OSHA requirements are set by statute, standards and regulations. Our interpretation letters explain these requirements and how they apply to particular circumstances, but they cannot create additional employer obligations. This letter constitutes OSHA's interpretation of the requirements discussed. Note that our enforcement guidance may be affected by changes to OSHA rules. Also, from time to time we update our guidance in response to new information. To keep apprised of such developments, you can consult OSHA's website at https://www.osha.gov.

December 02, 1981

Mr. Allan Staib
Engineering Services
General Foods Corporation
Maxwell House Division
P.O. Box 248
Houston, Texas 77001

Dear Mr. Staib:

This is in response to your letter of October 19, 1981, requesting a clarification of the Subpart L standards.

29 CFR 1910.155(c)(26) defines "incipient stage fire" as a fire which is in the initial or beginning stage and which can controlled or extinguished by portable fire extinguishers, class II standpipe or small hose systems without the need for protective clothing or breathing apparatus.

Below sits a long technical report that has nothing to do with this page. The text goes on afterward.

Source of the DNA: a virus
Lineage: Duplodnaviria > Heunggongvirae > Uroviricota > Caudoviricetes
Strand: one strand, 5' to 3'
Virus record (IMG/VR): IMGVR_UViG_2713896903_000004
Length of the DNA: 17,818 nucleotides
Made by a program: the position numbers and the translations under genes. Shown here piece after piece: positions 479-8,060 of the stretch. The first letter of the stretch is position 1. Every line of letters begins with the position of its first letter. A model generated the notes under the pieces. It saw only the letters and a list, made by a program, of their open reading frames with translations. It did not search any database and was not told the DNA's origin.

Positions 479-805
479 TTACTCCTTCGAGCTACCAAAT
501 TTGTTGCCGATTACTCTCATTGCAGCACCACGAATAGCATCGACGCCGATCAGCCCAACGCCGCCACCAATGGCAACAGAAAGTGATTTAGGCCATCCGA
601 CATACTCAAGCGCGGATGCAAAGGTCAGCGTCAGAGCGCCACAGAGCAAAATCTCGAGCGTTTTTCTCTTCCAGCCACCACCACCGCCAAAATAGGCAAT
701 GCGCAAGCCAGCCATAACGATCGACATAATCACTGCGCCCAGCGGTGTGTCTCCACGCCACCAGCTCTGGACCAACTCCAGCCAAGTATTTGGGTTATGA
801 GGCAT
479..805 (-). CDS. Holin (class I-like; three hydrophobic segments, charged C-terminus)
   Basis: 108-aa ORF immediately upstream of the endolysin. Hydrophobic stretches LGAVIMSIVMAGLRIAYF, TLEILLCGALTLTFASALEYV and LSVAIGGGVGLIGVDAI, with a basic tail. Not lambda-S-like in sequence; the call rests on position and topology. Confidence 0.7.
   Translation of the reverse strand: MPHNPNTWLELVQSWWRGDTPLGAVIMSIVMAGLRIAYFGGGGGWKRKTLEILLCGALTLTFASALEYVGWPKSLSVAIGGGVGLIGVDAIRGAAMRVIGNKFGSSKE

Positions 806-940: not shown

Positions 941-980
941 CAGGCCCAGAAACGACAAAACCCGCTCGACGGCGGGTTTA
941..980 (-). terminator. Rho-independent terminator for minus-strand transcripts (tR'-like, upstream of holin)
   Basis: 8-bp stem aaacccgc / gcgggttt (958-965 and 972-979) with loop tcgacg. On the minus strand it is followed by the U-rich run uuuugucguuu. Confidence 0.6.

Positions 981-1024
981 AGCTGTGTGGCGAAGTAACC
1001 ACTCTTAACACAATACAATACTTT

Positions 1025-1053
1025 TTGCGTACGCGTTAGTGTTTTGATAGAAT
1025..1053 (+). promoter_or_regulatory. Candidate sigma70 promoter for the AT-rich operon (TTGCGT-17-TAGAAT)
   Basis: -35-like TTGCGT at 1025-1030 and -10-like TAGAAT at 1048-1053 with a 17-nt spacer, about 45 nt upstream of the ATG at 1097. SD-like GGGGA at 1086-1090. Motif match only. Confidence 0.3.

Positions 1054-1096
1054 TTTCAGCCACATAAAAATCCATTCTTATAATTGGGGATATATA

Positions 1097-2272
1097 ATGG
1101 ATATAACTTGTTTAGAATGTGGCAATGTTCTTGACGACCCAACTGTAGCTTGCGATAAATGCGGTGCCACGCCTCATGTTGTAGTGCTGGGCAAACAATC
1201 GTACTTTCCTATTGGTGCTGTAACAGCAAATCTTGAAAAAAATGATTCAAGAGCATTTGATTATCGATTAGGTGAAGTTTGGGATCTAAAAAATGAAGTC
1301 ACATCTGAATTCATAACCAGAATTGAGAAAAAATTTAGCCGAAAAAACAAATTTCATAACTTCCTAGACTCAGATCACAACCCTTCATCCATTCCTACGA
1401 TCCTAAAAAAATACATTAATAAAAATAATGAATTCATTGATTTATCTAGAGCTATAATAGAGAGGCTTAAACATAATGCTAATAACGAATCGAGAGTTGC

29 CFR 1910.155(c)(28) defines "interior structural fire fighting" as the physical activity of fire suppression, rescue or both, inside of buildings or enclosed structures which are involved in a fire situation beyond the incipient stage.

If your employees must wear breathing apparatus as you state in your letter because the smoke generated by a smolding fire is of such large quantity, then that fire can not be considered "incipient". "Incipient" infers a fire that has just begun and is of such size that poor visibility, smoke inhalation, and high temperatures have not reached the degree to require the use of breathing apparatus. We believe interior structural fires are fires of the type where it is necessary to wear breathing apparatus in order to be adequately protected.

I hope that the above information has clarified any questions you may have had with the standard.

If I may be of further assistance, please call or write.


Patrick R. Tyson
Acting Director,
Federal Compliance and State Programs